Entry; Frame interrupt in User mode, or After certain non-atomic TRAP calls If current job's JB.PRIOR <> 0 THEN JB.PRIOR = 1 Save current jobs registers in its header D3 = SV.POLLM (* re-entry point, see below) SV.POLLM = 0 Increment SV.RAND (psuedo random number) Do scheduler linked list; * Flash cursor * Do any SER transmit * Do any waiting input/output (ie, scan the channel table) * Do any other externally linked in tasks Set D1 = 0 (highest JB.PRIOR found so far) Set D0 = -2 (to indicate if no 'next' job found)
Now a search for the next possible job is done by interrogating each job’s header. The job table is searched from the entry of the (last) current job +1 to the end of the table, and then from the start of the table back upto the entry for the last job.
REPeat for each valid job in table IF JB.PRINC = 0 (inactive) THEN ignore, look at next job. IF JB.STAT < 0 (suspended) THEN ignore, look at next job. IF JB.STAT > 0 (waiting I/O or idle) JB.STAT = JB.STAT - D3 (ie, old SV.POLLM) IF JB.STAT > 0 THEN ignore, look at next job JB.STAT = 0 (in case overshot out-of-time) IF JB.HOLD <> 0 THEN clear location pointed to by JB.HOLD END IF IF JB.PRIOR = 0 (ie, when MT.PRIOR done) JB.PRIOR = 1 ELSE JB.PRIOR = JB.PRIOR + JB.PRINC IF JB.PRIOR > 255 THEN JB.PRIOR = 255 IF JB.PRIOR > D1 D1 = JB.PRIOR D0 = this job header location END IF END IF END REPeat for each valid job in table
After the job table has been scanned the next job is deemed to be the one pointed to by D0 which has the (first found) highest accumulated priority (D1). The jobs registers are then unloaded from job header and put back into the processor and control handed to the job until the next frame interrupt.
If no suitable job is found (D0=-2) then the scheduler is re entered (at *) until one is found. Although this might appear unlikely, ie, no job wants a slice of processor time, in fact it happens quite often. Most jobs spend their time waiting for the user! (ie, the scheduler is doing their pending input/output attempts whilst JB.STAT >0 and the job has a channel open with pending action). It reminds of the time when logging off a computer terminal used to generate the report; “You have been logged on 2 hours 47 minutes and you have used 11.31 seconds of processor time”!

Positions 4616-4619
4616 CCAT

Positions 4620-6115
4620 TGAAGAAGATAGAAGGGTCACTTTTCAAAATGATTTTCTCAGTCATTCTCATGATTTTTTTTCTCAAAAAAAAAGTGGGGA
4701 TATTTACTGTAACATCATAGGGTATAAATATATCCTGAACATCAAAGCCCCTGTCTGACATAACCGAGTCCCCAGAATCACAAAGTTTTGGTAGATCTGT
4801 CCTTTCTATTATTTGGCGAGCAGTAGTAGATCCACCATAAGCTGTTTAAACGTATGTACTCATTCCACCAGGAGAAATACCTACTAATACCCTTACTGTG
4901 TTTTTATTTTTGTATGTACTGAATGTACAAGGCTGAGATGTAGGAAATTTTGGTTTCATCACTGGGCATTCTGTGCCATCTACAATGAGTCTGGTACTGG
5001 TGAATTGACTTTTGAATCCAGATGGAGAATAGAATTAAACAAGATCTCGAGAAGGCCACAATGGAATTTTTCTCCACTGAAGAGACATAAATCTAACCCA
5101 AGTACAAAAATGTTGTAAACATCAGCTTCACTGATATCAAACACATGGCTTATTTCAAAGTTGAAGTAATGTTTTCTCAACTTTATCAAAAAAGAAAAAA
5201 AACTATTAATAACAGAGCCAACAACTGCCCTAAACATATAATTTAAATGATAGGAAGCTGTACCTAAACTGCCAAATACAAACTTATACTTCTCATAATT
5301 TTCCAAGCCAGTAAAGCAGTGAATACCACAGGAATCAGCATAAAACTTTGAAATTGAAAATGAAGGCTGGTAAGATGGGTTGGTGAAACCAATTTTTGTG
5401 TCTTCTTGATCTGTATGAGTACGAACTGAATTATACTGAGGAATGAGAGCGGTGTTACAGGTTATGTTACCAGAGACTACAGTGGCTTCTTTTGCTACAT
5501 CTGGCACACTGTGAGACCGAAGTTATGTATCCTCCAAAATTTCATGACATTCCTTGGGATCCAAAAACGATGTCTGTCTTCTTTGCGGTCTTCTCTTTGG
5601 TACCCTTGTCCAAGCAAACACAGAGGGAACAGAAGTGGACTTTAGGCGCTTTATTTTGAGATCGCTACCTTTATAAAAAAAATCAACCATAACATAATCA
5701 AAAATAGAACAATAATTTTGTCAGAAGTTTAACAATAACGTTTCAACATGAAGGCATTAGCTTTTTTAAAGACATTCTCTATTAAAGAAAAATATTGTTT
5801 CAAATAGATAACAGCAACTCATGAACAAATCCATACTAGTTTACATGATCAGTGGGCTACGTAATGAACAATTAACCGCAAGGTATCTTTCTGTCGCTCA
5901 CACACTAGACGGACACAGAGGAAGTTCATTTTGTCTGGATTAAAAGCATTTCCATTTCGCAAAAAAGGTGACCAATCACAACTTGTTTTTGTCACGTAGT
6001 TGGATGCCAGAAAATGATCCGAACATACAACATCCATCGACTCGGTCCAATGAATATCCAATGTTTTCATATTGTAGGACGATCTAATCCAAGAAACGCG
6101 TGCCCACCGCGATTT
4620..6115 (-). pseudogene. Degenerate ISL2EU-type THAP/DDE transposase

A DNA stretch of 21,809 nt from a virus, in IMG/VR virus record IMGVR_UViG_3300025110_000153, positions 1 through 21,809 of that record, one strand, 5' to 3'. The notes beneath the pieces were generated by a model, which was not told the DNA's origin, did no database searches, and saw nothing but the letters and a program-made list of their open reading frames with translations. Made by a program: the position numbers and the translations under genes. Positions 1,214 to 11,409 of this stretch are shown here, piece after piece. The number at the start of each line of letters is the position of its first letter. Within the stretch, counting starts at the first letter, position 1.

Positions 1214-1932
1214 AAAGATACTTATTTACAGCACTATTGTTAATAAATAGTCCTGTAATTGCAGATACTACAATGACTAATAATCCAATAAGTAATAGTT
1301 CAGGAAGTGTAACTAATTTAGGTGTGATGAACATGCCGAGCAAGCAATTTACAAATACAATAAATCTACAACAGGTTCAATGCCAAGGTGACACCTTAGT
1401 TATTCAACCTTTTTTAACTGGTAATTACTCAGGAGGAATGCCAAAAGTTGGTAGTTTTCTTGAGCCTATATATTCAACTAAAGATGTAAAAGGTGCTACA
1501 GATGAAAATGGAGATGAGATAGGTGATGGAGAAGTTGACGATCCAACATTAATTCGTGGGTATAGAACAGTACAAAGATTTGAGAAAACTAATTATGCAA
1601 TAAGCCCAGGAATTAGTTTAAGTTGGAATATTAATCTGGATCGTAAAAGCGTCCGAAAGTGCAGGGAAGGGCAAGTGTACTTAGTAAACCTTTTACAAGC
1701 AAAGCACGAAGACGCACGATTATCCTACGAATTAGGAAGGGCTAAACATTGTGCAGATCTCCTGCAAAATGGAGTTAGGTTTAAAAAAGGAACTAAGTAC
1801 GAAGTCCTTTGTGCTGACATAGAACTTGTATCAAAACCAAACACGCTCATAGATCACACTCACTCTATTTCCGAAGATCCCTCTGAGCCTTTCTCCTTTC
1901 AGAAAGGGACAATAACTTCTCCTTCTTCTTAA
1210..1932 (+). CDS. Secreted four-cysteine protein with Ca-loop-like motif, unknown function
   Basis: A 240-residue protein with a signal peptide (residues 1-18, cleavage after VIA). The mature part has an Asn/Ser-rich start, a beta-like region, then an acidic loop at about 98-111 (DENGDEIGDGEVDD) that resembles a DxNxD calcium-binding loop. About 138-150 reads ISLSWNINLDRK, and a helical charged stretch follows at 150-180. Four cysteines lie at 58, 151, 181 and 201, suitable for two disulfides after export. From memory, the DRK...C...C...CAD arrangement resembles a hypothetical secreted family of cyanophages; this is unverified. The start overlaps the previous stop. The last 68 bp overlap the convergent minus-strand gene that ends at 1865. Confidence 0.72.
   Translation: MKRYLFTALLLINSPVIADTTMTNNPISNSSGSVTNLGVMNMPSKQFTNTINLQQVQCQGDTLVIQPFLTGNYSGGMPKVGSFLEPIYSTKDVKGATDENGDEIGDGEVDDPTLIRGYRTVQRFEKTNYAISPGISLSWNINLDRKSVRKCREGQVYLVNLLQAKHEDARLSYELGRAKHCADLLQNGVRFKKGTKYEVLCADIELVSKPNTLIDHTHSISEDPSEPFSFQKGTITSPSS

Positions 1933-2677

The following simple SuperBASIC program illustrates how assigning different priorities to jobs affects how much processor time is apportioned to each, you may be surprised at the results. For example, it is better to assign two competing jobs priorities of 2 and 64, rather than 8 and 127 respectively, if you wish give one job more precedence over the other.
At the prompt for each of the five example jobs input a priority of between 0 and 127 (ENTER alone =0, ie, to represent an inactive or suspended job). Change the value used in the INKEY$ function (line 230) to speed up/slow down the update rate (0-25). Notice some low priority jobs hardly get a look-in on the processor until quite a time has elapsed, their low priority increment takes quite a time to build up their job merit. After an erratic start the percentage figures should settle down to reflect the long term proportion of processor time assigned to the job (use CTRL F5, as usual, to momentarily freeze the display if necessary).